If you had to speak to any custom home builder about the most frequently asked questions they receive, they would tell you that ”how long will it take” and ”what will it cost” are right up there.
And most, if not all construction companies would give you the same answer: ”it depends”. But when you want to build a custom home, this type of answer does not help you in the slightest. You’ll need details, estimates, and a timeline breakdown before you go ahead.
If you’re thinking about building your own home from scratch, this blog outlines the detailed answer you’re looking for.
Breaking Down the Timeline To Build a Custom Home
If only there was an easy, straight-up answer that your project manager could give you regarding an exact timeline. Unfortunately, home construction, or any type of construction for that matter, does not work that way.
This is because every custom home build is completely unique, and there are a plethora of variables that go into each build. Each of these variables affects the timeline. This is one drawback about building your own home — it almost always takes longer than you’d expect.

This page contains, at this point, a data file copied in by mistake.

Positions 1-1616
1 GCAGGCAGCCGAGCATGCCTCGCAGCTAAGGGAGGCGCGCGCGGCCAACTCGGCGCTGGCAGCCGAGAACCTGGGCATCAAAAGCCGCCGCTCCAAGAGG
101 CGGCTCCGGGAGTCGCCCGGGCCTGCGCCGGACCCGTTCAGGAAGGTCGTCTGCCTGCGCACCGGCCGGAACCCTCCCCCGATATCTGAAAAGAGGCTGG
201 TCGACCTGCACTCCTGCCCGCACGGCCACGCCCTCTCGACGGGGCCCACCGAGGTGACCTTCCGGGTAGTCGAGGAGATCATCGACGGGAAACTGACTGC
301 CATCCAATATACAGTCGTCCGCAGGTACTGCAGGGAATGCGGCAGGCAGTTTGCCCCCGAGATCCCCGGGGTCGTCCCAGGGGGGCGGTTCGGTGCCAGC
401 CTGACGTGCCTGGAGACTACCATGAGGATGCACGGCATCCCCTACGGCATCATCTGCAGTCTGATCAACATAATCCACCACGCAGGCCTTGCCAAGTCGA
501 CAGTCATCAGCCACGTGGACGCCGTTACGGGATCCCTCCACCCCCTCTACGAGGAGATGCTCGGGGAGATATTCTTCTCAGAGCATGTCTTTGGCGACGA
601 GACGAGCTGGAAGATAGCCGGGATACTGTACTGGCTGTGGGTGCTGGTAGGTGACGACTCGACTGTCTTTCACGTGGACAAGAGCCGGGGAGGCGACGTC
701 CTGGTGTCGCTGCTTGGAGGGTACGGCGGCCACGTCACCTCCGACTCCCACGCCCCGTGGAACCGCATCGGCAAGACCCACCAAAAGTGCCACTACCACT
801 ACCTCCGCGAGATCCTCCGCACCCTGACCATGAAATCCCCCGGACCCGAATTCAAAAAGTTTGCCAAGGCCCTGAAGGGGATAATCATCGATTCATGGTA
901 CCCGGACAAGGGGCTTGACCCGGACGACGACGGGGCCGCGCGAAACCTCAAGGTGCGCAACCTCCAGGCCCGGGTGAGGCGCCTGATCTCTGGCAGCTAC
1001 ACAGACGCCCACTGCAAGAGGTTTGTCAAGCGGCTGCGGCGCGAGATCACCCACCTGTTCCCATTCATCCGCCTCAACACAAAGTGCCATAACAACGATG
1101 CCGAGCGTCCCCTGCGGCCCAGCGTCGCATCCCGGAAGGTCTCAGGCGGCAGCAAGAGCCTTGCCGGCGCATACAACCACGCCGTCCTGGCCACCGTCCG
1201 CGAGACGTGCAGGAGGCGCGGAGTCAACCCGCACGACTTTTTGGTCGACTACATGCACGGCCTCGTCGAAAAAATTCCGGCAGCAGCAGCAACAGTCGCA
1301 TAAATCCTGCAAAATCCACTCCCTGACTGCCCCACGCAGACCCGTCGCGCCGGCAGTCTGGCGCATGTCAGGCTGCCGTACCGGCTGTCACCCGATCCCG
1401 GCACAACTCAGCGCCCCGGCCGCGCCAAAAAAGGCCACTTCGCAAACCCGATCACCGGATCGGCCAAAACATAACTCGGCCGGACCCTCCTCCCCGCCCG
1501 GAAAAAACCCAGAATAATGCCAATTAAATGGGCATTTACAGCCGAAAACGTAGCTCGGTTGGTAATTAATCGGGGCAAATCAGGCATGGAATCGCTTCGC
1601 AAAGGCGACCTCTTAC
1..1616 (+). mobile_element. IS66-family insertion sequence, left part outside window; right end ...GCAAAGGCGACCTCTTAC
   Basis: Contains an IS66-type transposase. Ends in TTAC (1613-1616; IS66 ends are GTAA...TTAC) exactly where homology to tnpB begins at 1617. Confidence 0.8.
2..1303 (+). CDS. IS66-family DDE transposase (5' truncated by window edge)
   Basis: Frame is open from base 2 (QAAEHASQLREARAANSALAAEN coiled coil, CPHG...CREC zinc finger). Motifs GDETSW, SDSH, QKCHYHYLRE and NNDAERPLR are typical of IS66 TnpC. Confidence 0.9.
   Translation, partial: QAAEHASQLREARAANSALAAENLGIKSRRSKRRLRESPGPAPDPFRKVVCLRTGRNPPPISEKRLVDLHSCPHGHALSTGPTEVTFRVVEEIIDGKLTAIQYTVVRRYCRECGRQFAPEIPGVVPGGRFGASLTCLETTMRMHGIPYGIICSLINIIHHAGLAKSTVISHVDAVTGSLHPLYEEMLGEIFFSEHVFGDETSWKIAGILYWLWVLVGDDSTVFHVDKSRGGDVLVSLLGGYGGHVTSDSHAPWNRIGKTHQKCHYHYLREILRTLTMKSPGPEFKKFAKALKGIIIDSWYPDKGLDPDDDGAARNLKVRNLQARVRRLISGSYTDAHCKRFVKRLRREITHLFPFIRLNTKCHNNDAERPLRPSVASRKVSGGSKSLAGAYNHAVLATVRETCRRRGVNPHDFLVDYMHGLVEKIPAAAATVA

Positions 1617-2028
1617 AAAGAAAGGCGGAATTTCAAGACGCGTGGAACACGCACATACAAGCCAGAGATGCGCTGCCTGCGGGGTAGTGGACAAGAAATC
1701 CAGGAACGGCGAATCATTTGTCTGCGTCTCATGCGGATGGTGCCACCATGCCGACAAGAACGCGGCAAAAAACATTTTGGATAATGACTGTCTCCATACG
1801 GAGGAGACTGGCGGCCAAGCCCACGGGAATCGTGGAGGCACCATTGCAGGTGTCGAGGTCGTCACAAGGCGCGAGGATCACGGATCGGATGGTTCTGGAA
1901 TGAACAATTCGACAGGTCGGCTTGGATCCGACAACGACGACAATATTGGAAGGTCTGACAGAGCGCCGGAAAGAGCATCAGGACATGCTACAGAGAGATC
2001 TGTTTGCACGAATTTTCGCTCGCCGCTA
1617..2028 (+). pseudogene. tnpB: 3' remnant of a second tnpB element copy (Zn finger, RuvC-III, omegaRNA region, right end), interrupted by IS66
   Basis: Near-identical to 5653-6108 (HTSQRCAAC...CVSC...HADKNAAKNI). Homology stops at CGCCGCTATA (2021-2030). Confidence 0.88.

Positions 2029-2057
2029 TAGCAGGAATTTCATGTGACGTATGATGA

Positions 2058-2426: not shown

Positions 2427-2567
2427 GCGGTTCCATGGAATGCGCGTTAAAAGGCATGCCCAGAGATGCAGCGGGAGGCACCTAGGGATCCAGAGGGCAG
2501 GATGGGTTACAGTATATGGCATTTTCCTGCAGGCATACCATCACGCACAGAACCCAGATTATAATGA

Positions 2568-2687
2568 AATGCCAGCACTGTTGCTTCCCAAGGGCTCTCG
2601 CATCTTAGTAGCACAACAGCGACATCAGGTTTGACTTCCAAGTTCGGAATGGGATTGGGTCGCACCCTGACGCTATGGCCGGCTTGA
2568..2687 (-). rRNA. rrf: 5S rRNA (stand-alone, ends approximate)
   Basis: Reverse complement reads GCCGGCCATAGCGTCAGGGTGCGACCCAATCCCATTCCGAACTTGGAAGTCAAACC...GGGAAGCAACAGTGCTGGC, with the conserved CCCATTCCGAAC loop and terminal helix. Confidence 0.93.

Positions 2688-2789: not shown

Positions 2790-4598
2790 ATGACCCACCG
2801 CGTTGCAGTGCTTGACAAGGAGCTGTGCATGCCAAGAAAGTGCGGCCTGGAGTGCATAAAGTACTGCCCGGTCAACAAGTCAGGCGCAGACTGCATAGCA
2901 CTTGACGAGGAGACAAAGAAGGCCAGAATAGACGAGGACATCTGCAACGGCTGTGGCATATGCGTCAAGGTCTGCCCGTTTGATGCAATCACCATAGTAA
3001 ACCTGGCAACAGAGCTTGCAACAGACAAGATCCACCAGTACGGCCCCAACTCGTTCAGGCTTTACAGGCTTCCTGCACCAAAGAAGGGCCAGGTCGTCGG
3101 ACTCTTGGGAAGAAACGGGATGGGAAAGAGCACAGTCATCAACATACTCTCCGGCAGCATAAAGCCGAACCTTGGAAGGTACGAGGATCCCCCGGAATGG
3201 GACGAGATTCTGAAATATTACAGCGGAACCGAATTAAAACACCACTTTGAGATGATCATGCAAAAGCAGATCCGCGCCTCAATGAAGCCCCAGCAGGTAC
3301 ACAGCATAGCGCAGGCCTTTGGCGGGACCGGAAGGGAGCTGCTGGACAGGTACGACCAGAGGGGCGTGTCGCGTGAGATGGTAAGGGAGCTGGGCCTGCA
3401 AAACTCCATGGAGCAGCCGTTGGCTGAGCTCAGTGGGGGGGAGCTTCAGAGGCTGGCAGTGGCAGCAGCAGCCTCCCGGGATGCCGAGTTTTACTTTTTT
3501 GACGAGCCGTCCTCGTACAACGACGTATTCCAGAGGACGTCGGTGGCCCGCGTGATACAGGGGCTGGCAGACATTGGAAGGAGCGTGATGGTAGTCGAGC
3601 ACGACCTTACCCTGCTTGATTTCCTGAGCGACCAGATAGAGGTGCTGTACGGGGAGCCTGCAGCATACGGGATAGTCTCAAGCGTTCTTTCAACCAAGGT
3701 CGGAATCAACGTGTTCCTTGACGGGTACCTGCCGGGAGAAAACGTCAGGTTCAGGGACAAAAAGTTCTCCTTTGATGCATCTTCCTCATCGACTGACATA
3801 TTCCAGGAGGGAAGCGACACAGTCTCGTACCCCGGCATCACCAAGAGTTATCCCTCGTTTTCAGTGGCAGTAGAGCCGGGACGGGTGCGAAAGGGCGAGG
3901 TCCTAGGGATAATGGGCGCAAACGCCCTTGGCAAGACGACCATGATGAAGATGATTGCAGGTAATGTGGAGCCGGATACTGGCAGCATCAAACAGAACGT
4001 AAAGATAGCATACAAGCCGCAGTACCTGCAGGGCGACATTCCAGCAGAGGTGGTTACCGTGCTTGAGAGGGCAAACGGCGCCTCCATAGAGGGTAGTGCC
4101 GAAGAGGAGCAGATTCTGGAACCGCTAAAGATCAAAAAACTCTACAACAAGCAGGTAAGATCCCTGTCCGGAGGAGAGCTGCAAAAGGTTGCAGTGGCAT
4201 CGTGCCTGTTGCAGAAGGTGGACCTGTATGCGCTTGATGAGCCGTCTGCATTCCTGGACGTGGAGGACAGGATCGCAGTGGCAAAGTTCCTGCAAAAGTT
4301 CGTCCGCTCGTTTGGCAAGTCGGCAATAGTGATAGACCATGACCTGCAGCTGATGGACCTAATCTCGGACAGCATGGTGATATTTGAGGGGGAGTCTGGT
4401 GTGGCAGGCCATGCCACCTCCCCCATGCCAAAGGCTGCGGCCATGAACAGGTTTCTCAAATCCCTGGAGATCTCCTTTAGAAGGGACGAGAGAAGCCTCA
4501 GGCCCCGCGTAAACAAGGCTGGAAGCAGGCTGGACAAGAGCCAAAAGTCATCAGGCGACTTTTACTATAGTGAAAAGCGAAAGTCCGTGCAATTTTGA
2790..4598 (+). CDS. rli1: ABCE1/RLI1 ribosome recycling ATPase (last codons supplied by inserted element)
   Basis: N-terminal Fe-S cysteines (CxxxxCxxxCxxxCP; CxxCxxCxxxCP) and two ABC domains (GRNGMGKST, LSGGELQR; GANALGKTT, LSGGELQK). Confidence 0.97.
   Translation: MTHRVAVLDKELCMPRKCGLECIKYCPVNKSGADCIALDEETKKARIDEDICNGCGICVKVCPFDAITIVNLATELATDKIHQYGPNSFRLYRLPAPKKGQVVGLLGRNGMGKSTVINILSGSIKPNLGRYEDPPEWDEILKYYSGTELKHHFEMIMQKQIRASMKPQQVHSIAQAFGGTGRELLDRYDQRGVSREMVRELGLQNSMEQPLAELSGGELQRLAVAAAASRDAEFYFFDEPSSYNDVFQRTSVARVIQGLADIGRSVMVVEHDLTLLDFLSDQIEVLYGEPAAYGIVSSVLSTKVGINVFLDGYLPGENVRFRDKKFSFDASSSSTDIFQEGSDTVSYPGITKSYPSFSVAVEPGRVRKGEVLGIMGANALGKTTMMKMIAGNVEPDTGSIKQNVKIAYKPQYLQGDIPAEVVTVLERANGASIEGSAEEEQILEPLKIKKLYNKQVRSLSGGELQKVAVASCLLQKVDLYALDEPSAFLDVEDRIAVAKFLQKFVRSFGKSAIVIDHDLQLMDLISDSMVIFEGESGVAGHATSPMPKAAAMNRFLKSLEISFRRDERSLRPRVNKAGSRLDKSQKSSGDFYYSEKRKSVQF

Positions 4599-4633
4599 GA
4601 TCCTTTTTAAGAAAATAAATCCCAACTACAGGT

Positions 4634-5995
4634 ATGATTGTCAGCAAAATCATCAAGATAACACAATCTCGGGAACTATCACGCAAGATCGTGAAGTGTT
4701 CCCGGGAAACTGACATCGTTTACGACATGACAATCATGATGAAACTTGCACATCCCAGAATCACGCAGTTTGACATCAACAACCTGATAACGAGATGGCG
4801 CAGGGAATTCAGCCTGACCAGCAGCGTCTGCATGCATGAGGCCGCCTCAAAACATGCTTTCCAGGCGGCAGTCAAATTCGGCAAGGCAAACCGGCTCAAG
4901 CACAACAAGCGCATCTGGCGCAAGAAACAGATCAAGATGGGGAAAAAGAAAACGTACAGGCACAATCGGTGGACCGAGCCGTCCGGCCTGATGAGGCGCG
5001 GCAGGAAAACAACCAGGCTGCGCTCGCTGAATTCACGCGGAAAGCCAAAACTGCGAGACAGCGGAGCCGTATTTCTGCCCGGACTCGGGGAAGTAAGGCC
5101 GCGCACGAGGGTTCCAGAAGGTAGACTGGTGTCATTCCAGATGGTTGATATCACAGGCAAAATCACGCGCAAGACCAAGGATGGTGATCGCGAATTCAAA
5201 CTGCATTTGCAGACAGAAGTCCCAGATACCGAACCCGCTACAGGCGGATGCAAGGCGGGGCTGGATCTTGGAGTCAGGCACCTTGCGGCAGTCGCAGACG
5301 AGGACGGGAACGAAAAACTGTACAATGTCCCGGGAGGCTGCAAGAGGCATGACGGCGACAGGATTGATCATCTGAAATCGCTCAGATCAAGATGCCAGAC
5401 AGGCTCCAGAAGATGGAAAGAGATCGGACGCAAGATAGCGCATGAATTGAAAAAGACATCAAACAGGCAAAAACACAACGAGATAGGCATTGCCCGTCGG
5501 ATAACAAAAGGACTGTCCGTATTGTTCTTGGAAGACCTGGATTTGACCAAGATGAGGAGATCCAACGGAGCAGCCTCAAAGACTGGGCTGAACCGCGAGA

What Does the General Timeline Look Like?
The team at Jeff Watson homes (and any other construction company) will tell you to work with a rough timeline of two years for a true custom home. However, this timeframe can vary, and if you’re going for a semi-custom project, it could take as little as 6-8 months.
For a full custom build, try not to expect anything less than 10 months — with a brilliant team, flawless weather, and plenty of luck!
Bear in mind that this general timeline only applies to the actual construction of the home. It does not include the design process and the efficiency of your architects or the pre-construction phase. These two phases combined could span anywhere from 9-12 months long.
Here’s a breakdown of the steps that go into building a custom home, and how long each step might take:
- This process usually takes 9-12 months
- It includes the assembly of your construction team, i.e. your architect, builders, and the bidding process
- It can take up to 2 months to secure a building site